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Geographic space as a living structure for predicting human activities using big data
University of Gävle, Faculty of Engineering and Sustainable Development, Department of Industrial Development, IT and Land Management, Land management, GIS.ORCID iD: 0000-0002-2337-2486
University of Gävle, Faculty of Engineering and Sustainable Development, Department of Industrial Development, IT and Land Management, Land management, GIS.
2018 (English)In: International Journal of Geographical Information Science, ISSN 1365-8816, E-ISSN 1365-8824Article in journal (Refereed) Epub ahead of print
Abstract [en]

Inspired by Christopher Alexander's conception of the world - space is not lifeless or neutral, but a living structure involving far more small things than large ones - a topological representation has been previously developed to characterize the living structure or the wholeness of geographic space. This paper further develops the topological representation and living structure for predicting human activities in geographic space. Based on millions of street nodes of the United Kingdom extracted from OpenStreetMap, we established living structures at different levels of scale in a nested manner. We found that tweet locations at different levels of scale, such as country and city, can be well predicted by the underlying living structure. The high predictability demonstrates that the living structure and the topological representation are efficient and effective for better understanding geographic forms. Based on this major finding, we argue that the topological representation is a truly multiscale representation, and point out that existing geographic representations are essentially single scale, so they bear many scale problems such as modifiable areal unit problem, the conundrum of length and the ecological fallacy. We further discuss on why the living structure is an efficient and effective instrument for structuring geospatial big data, and why Alexander's organic worldview constitutes the third view of space.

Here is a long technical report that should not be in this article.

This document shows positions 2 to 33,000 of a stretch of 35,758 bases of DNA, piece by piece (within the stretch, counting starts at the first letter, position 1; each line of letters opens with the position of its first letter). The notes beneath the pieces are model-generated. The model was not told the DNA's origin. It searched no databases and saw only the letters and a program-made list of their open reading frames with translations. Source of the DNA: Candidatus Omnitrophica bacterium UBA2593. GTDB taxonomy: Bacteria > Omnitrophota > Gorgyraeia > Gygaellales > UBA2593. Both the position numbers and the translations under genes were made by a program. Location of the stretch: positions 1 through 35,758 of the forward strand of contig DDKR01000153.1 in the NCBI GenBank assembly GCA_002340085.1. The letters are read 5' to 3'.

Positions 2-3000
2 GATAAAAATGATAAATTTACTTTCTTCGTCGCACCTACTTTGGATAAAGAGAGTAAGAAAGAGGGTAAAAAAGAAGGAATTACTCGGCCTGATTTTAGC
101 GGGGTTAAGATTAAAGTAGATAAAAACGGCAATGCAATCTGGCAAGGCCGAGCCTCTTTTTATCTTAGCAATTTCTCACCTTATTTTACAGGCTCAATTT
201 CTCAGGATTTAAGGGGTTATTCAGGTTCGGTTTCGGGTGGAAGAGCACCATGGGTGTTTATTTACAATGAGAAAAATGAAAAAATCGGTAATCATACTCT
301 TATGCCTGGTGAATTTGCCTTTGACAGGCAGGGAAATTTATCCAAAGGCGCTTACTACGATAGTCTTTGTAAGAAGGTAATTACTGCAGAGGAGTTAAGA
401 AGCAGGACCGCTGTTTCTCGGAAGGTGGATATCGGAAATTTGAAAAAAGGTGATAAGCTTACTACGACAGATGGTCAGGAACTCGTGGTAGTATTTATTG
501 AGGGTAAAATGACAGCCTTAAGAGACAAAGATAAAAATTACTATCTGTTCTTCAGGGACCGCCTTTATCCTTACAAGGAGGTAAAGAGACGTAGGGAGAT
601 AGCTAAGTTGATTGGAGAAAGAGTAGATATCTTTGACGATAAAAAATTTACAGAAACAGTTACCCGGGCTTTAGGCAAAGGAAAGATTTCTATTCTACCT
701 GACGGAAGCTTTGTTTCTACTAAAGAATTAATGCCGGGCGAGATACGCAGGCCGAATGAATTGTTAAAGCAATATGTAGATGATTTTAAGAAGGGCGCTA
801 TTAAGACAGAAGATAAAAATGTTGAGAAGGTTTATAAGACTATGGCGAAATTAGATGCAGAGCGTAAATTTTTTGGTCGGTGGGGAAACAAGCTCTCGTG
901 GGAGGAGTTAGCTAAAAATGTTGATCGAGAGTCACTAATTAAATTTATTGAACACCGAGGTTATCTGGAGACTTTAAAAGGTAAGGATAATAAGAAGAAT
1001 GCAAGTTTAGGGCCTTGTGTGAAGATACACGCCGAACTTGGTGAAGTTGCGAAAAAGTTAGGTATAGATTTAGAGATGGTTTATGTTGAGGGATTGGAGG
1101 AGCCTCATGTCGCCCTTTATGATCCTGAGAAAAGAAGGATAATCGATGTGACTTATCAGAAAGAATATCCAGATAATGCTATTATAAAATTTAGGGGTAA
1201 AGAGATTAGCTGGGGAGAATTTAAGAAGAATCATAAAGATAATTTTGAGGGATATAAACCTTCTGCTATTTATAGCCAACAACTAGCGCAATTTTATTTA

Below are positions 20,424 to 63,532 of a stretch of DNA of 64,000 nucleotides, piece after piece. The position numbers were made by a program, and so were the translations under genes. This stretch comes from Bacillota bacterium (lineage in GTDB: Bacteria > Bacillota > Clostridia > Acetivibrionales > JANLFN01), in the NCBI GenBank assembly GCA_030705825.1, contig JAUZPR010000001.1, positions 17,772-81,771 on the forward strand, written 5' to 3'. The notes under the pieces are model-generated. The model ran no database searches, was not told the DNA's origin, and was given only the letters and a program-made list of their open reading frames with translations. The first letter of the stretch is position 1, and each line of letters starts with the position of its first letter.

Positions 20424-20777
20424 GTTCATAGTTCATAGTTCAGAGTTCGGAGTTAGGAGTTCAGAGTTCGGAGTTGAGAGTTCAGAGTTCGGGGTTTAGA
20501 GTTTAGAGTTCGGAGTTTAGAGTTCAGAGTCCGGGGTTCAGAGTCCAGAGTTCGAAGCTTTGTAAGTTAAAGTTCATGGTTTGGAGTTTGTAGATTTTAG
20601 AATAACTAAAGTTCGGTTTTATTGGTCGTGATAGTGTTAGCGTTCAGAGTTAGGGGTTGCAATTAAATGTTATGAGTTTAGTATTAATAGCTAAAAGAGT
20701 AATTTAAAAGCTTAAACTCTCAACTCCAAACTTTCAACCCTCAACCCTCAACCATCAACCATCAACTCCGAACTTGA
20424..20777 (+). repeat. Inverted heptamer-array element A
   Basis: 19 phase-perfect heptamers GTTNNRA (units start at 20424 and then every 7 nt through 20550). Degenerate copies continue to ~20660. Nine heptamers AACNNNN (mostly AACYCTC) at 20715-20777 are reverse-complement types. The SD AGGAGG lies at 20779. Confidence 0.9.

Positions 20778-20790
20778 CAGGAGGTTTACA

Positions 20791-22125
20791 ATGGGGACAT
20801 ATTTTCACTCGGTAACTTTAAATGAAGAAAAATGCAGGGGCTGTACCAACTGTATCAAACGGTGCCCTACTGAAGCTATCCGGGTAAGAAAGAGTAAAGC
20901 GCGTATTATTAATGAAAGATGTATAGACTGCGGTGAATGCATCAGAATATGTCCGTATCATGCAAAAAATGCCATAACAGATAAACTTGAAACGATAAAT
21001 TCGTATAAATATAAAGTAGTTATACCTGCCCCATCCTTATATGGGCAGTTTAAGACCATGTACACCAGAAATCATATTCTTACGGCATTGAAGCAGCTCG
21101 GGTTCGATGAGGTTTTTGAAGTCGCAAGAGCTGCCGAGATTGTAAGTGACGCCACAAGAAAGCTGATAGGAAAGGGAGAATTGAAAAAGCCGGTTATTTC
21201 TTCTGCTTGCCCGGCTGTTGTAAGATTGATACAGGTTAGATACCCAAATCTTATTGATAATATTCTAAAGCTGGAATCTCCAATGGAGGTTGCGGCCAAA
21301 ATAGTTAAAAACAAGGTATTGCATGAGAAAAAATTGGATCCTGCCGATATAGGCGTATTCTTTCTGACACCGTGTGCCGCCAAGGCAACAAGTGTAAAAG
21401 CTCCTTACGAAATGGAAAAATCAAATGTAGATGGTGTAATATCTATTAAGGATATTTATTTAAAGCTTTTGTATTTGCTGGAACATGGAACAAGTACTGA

Place, publisher, year, edition, pages
Taylor & Francis , 2018.
Keywords [en]
Organic worldview, topological representation, tweet locations, natural cities, scaling of geographic space
National Category
Social and Economic Geography
Identifiers
URN: urn:nbn:se:hig:diva-26177DOI: 10.1080/13658816.2018.1427754OAI: oai:DiVA.org:hig-26177DiVA, id: diva2:1184735
Available from: 2018-02-22 Created: 2018-02-22 Last updated: 2018-03-13Bibliographically approved

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Jiang, BinRen, Zheng

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CiteExportLink to record
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  • apa
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  • ieee
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  • sv-SE
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